By the time they launched their 2003 European tour, the Dixie Chicks were head and shoulders the dominant force in country music. In 1998, they had sold more albums than all other country acts combined. But on March 10, 2003, at a concert in London, lead singer Natalie Maines -- inspired by massive demonstrations against the Bush Administration and the impending Gulf War -- declared to the audience: "Just so you know, we're on the good side with y'all. We do not want this war, this violence, and we're ashamed that the President of the United States is from Texas."
The result was a furore in Texas and elsewhere in the southern US which toppled the Chicks from their country-music pedestal, though they eventually emerged more popular than ever for a general audience -- a trajectory captured dramatically in the documentary Shut Up and Sing (the title drawn from "Not Ready to Make Nice"; see "Other Resources"). At the height of war fever, the jingoism led to bans by conservative media outlets, or those fearing their conservative audiences, on the playing of any Dixie Chicks songs. At least two deejays were fired for defying the ban. President George W. Bush, Jr. issued a typically snide comment on the controversy and the aggressive blacklisting:
The Dixie Chicks are free to speak their mind. They can say what they want to say ... they shouldn't have their feelings hurt just because some people don't want to buy their records when they speak out ... Freedom is a two-way street ... I don't really care what the Dixie Chicks said. I want to do what I think is right for the American people, and if some singers or Hollywood stars feel like speaking out, that's fine. That's the great thing about America. It stands in stark contrast to Iraq ...
The fact that Maines had issued her comments on "foreign soil" further rankled the redneck set. When the Dixie Chicks returned to the southern US, they confronted continued boycotts, stuttering ticket sales, and -- more seriously -- death threats against Maines that led at points to the group being placed under police escort to and from concerts and airports. The wounds are still raw:
It's a sad sad story when a mother will teach her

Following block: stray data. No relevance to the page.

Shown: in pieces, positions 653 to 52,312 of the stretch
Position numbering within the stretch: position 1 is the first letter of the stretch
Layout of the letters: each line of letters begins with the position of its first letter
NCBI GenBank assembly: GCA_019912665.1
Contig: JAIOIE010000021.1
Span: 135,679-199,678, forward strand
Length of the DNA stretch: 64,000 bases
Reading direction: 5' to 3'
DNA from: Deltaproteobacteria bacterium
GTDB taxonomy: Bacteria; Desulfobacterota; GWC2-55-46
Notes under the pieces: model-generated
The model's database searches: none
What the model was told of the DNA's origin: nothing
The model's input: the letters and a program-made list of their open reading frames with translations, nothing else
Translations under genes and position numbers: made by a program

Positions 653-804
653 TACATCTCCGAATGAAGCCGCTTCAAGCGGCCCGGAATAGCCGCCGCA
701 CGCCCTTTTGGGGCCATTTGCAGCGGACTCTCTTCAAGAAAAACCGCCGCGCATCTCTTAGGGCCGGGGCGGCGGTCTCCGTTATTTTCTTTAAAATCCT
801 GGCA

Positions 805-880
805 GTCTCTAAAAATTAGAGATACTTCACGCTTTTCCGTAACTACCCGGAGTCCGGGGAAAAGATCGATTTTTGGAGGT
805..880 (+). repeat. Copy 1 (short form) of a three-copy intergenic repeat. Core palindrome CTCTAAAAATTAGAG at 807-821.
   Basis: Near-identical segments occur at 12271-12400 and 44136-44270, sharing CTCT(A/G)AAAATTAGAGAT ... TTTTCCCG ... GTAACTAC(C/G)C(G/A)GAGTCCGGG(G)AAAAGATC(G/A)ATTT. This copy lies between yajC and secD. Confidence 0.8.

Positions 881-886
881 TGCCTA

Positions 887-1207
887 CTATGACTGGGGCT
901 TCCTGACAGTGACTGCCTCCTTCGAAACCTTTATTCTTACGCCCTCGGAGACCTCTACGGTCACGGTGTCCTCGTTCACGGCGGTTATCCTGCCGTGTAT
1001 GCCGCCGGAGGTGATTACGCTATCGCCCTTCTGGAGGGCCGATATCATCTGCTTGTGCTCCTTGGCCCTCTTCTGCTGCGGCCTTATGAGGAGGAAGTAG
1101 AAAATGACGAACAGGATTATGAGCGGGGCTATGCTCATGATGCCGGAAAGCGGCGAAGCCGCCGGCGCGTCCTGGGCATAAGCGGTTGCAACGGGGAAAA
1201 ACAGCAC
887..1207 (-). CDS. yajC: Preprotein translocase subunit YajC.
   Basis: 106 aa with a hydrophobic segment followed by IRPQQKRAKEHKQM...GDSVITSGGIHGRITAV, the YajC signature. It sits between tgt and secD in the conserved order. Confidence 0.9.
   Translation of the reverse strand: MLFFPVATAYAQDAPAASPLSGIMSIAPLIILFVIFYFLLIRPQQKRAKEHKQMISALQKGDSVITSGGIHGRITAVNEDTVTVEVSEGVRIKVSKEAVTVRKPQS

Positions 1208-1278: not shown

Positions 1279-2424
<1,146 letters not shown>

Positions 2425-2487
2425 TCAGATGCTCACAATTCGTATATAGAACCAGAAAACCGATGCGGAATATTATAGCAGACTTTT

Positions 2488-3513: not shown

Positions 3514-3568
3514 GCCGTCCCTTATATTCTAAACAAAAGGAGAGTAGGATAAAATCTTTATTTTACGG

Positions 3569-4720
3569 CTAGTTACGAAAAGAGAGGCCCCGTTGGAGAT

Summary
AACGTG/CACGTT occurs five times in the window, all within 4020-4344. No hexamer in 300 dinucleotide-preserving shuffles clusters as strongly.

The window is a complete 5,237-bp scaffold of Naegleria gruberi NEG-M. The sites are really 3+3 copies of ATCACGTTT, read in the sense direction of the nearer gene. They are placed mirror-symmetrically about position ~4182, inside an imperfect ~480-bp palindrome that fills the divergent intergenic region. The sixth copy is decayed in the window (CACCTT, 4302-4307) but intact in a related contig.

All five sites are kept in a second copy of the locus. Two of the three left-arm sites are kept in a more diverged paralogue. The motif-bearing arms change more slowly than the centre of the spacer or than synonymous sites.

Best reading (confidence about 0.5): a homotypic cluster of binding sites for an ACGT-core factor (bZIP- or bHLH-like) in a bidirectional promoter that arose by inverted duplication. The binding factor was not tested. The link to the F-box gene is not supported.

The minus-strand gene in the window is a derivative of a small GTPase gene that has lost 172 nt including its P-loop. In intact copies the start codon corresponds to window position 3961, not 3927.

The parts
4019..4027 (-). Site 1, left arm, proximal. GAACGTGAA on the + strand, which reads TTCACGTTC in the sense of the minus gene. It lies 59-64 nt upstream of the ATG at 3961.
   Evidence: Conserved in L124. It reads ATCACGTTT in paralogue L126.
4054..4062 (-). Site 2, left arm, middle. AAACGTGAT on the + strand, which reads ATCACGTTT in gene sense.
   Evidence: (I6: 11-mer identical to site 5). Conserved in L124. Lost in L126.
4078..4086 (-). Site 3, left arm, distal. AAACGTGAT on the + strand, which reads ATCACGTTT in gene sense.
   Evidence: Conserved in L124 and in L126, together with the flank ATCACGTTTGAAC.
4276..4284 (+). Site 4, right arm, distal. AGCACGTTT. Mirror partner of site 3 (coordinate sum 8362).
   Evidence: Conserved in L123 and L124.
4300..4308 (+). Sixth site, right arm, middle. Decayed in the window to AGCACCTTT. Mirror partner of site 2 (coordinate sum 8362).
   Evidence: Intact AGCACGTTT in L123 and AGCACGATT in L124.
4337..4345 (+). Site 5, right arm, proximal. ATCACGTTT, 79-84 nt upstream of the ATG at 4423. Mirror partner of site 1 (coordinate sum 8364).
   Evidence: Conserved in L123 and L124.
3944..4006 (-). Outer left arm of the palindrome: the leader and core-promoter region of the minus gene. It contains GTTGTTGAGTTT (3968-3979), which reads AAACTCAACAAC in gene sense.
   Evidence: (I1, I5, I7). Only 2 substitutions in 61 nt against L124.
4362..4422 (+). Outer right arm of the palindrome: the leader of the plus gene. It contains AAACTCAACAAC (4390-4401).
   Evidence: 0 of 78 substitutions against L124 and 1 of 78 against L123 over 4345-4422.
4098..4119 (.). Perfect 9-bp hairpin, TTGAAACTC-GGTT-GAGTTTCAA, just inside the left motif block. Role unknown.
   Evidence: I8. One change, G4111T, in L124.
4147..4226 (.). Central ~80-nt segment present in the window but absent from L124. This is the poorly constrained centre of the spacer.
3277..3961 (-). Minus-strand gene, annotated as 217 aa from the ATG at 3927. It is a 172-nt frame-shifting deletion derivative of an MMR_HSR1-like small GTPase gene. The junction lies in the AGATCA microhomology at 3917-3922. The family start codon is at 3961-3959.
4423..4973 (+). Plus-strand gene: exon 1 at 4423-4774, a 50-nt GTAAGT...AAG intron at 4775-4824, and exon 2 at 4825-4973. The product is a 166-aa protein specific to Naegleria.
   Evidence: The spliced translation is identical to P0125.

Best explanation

Daughter that she ought to hate a perfect stranger
And how in the world can the words that I said
Send somebody so over the edge
That they’d write me a letter
Sayin' that I better shut up and sing
Or my life will be over
So wrote Maines and her bandmates in their triumphant 2006 return to the spotlight, "Not Ready to Make Nice" -- the first single from their album Taking the Long Way:
The core of the anthemic appeal is clearly the chorus, but the opening two stanzas also hold potential as a lead-in:
Forgive, sounds good
Forget, I’m not sure I could
They say time heals everything
But I'm still waiting.
I'm through with doubt
There's nothing left for me to figure out
I've paid a price
And I’ll keep paying.
I'm not ready to make nice
I'm not ready to back down
I'm still mad as hell and
I don’t have time to go round and round and round
It's too late to make it right
I probably wouldn't if I could
'Cause I'm mad as hell
Can't bring myself to do what it is you think I should.
It seems to me a highly appropriate anthem for feminist-oriented causes especially. More generally, it serves as a declaration of steely determination in the face of reactionary attack, and attempts to co-opt or pander to aggrieved progressive movements.
Song available on Dixie Chicks, Taking the Long Way (2006), track 3.
Wikipedia page for "Not Ready to Make Nice."
A live performance of the song for MTV:
The great documentary Shut Up and Sing (directed by Barbara Kopple and Cecilia Peck), which captures the controversy over Natalie Maines's comments, can be viewed in its entirety on YouTube, albeit with hardcoded Portuguese subtitles: